Current knowledge in the field of mobile message design comes from a number of sources, including theories of learning, perception, and communications theory. Early research in this area (Wang & Shen, 2012) defined some of the formal characteristics of mobile learning such as captioning and font sizing, and offers guidelines for understanding the uses of particular constellations of mobile technologies. Other projects investigated psychological and pedagogical properties of mobile learning experiences, such as cognitive load and inquiry-based learning (Shih, Chuang, & Hwang, 2010). Further, many of the findings on cognition and eLearning, as presented by Clark and Mayer (2011), are applicable to learning with mobile devices.

In this chapter, we will present a brief examination of the new developments in the field of the Learning Sciences, and how these developments have opened new possibilities for the design of mobile learning experiences. We aim to expand the definitions of mobile learning message design to account for the growing presence of mobile Internet access in the lives of learners. We argue for the treatment of mobile learning as a fundamentally new form of literacy that is situated in the social fabric of the learner, enabled by technology, and supportive of spontaneous learning. As we propose in this chapter, mobile learning has evolved into a new phase of research that we call ‘mobile literacy.’ For the purposes of this discussion, mobile literacy may be defined as a system of meaning-making wherein learners use mobile technologies to achieve their goals and communicate with others in their communities of interest. This definition removes the study of mobile learning from a focus on a particular technology and places the focus on how people learn and achieve their goals through the use of mobile technologies.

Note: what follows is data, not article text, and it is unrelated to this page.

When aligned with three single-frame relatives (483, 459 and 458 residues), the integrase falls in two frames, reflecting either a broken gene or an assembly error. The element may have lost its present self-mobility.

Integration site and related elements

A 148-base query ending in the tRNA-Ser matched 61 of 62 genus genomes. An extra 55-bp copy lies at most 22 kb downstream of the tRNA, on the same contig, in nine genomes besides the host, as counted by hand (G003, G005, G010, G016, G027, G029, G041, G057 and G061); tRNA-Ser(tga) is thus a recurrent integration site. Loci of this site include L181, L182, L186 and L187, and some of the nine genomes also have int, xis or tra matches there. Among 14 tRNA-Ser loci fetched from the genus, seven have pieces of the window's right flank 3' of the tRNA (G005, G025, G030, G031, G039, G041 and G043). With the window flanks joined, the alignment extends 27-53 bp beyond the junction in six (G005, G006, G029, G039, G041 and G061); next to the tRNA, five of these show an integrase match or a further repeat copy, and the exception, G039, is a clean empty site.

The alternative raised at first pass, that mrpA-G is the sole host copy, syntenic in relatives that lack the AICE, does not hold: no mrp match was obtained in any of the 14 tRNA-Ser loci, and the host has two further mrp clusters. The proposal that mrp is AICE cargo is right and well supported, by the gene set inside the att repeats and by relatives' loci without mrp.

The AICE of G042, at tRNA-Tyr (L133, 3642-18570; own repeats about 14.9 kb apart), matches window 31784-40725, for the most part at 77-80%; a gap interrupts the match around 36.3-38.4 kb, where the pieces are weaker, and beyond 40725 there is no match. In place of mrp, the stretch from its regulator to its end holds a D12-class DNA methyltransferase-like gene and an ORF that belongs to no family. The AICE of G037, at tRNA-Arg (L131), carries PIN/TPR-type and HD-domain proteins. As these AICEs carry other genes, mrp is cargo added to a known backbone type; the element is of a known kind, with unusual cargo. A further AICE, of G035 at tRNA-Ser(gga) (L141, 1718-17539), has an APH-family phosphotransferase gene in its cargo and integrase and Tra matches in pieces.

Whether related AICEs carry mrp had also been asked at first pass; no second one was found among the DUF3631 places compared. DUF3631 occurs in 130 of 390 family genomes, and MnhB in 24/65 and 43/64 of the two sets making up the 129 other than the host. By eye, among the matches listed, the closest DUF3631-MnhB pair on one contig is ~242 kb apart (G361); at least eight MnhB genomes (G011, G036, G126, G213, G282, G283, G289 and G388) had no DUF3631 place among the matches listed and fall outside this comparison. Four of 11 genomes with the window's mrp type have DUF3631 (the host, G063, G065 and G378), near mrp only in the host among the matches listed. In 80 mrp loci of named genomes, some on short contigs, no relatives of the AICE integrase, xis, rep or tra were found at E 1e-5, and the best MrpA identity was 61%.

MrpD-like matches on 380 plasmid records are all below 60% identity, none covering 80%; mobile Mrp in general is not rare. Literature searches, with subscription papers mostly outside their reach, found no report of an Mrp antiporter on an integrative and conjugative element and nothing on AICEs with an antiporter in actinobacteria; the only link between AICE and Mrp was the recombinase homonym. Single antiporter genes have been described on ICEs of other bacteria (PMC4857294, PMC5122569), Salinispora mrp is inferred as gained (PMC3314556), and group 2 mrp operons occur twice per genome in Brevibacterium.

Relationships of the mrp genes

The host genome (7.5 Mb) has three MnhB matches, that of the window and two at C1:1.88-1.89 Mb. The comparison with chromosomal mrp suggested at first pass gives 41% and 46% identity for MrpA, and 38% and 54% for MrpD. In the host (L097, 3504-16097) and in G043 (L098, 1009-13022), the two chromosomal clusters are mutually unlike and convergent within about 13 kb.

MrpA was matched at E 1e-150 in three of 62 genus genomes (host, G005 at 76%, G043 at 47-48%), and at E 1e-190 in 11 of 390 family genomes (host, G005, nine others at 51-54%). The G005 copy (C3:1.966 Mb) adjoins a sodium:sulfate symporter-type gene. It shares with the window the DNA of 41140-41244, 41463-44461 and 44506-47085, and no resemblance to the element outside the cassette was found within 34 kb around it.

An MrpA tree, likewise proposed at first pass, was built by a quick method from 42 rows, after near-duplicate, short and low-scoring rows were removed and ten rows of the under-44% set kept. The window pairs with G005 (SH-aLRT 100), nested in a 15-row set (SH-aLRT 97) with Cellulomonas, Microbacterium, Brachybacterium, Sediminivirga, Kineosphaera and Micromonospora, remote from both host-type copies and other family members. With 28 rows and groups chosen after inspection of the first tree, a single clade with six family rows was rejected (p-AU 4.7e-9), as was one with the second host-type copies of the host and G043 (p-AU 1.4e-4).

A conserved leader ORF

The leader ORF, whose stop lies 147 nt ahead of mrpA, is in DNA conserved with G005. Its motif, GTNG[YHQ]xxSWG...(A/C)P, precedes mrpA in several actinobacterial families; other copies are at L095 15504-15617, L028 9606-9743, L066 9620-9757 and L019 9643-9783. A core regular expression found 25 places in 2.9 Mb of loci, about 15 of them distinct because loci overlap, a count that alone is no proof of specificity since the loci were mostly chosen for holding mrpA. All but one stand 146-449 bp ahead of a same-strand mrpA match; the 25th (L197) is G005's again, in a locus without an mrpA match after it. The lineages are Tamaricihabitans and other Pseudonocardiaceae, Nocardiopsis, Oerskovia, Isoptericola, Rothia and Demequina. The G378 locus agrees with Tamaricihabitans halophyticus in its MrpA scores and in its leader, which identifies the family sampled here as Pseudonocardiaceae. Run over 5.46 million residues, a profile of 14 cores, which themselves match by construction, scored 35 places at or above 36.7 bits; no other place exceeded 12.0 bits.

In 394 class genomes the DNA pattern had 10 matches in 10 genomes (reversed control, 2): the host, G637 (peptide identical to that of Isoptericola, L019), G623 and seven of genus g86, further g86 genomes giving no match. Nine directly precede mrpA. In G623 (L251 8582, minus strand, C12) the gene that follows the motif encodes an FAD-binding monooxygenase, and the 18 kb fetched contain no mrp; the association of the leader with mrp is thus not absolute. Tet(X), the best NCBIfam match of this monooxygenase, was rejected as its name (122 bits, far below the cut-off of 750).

Key Terms in this Chapter

Literacy: A system for encoding and decoding symbols, text, images, video, or other modalities for the purposes of expressing meaning to other people.